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  1. #1
    Merchant & ABW Ambassador
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    May 31st, 2006
    Houston TX
    Toys R Us settles lawsuits over web price pressure
    Toys ‘R’ Us settles lawsuits over web price pressure

    Toys ‘R’ Us faced two connected lawsuits alleging antitrust violations. One was a class action suit brought by consumers who claimed they had to pay more to buy products like child car seats and baby strollers because Toys ‘R’ Us pressured the manufacturers of those products not to pay to web retailers that charged less than bricks-and-mortar stores. In the other case, e-retailers Inc. and Baby Club of America sued Toys ‘R’ Us and several manufacturers saying they lost business because they were not able to sell products made by the manufacturers that succumbed to pressure from Toys ‘R’ Us, which is No. 37 in the Internet Retailer Top 500 Guide.
    Isn't that hard to prove that they lost business because they did not carry that sku? Wouldn't WalMart be a better target that Toys R us?
    Last edited by Eric Ewe; March 30th, 2011 at 11:55 AM.

  2. #2
    The Seal of Aproval rematt's Avatar
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    November 19th, 2006
    The Windy City
    Quote Originally Posted by Eric Ewe View Post
    Wouldn't WalMart be a better target that Toys R us?
    Only if Walmart conspired with manufacturers to fix prices. I didn't see any mention of them in the article or any reference to a similar suit. I would imagine if someone has evidence of Walmart being involved in this type of "price maintenance" that a suit will be forth coming.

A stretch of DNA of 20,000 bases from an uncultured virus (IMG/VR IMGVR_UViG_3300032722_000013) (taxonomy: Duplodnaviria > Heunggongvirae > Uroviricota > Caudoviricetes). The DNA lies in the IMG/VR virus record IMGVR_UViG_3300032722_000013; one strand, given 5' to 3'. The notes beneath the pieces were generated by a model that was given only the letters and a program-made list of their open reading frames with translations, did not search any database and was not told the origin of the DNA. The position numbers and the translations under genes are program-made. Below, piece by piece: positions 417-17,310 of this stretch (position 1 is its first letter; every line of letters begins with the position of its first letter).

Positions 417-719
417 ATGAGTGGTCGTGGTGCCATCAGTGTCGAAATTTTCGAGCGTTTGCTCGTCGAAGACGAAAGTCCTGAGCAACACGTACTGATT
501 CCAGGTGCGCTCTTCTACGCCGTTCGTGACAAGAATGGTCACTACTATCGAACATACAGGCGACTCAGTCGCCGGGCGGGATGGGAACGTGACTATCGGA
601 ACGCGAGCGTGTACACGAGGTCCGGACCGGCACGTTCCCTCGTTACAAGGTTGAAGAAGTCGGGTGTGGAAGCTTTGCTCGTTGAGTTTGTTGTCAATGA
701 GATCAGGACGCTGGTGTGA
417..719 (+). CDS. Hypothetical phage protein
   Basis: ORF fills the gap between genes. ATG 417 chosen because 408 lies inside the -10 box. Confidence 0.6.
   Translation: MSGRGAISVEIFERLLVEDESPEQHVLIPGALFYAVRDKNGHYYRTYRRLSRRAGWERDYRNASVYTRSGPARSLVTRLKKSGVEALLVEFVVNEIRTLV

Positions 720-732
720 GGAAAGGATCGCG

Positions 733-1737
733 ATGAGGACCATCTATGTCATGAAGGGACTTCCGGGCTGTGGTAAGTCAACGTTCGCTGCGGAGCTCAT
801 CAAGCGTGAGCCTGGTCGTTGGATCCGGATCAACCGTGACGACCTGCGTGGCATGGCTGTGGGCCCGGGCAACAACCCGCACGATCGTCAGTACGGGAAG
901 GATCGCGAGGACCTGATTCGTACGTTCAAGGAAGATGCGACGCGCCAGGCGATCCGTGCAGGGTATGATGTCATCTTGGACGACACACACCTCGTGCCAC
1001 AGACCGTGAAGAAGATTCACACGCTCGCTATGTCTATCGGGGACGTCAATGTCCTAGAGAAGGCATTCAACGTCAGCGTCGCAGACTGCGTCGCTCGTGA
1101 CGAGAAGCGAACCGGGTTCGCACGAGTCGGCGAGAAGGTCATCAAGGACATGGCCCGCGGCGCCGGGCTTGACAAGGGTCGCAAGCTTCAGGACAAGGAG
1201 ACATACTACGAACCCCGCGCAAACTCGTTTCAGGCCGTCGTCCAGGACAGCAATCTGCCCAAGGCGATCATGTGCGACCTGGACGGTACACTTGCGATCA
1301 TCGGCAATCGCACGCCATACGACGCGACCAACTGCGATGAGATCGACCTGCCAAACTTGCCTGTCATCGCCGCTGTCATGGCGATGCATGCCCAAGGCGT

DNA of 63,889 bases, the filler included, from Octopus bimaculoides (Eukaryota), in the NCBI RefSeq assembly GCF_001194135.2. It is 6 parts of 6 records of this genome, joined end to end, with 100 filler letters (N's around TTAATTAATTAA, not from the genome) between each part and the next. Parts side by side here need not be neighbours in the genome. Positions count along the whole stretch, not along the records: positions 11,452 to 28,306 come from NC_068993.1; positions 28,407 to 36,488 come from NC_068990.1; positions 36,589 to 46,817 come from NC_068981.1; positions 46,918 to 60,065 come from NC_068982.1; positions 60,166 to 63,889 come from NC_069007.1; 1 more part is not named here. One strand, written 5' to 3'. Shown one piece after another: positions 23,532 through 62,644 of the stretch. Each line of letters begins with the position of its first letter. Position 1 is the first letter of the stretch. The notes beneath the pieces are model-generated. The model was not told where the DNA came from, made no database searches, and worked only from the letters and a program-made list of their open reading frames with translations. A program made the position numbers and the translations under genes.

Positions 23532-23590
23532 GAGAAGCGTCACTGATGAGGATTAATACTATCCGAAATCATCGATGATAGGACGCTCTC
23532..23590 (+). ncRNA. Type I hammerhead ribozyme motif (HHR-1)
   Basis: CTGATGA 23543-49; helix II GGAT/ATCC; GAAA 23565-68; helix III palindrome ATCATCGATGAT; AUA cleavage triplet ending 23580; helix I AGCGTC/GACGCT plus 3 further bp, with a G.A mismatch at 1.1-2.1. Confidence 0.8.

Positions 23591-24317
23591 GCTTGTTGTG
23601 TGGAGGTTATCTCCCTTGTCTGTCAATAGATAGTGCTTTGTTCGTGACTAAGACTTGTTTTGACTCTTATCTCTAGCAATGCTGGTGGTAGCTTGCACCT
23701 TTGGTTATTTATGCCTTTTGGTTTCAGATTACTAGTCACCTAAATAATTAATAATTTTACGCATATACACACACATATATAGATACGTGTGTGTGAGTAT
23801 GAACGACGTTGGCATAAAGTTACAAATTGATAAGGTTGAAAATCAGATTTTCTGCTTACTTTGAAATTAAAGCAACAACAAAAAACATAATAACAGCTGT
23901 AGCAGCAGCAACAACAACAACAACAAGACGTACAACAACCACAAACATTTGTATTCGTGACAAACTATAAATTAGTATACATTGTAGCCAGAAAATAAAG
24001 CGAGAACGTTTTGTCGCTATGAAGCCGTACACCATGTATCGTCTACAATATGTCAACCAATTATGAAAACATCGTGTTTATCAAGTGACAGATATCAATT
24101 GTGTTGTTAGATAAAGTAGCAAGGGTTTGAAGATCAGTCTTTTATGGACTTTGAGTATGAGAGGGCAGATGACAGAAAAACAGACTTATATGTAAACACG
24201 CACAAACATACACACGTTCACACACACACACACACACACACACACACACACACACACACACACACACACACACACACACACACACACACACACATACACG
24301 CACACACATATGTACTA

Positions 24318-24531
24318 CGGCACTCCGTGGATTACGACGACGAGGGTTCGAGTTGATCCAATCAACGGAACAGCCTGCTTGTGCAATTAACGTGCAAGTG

"I know that you believe you understand what you think I said, but I'm not sure you realize that what you heard is not what I meant." - Richard Nixon

  3. #3
    ...and a Pirate's heart. Convergence's Avatar
    Join Date
    June 24th, 2005
    Surprised they got caught up in something like this.

    In a previous life and industry, manufacturers often had MAP pricing to keep everyone on a level playing field with regards to what prices were advertised for their products.

    If a manufacturer didn't "want" a particular B&M dealer, or a particular online only dealer, to be able to sell their products they simply set their purchasing requirements at a point that it wasn't feasible. IE: High Minimum Orders, Must have stocking inventory/warehouse in order to do the occasional drop ship order, and/or low discounts or discounts based on volume purchases. Furthermore, manufacturers would offer quarterly or annual rebates based on a dealer's purchases. Plenty of ways to prevent someone from selling your products.

    All in all, it looks like the settlement amounts could be considered "peanuts" and may have been agreed upon to just end the costs associated with defending any suits.

    Unless I'm missing something here...
    Salty kisses, Sandy toes, and a Pirate's heart...

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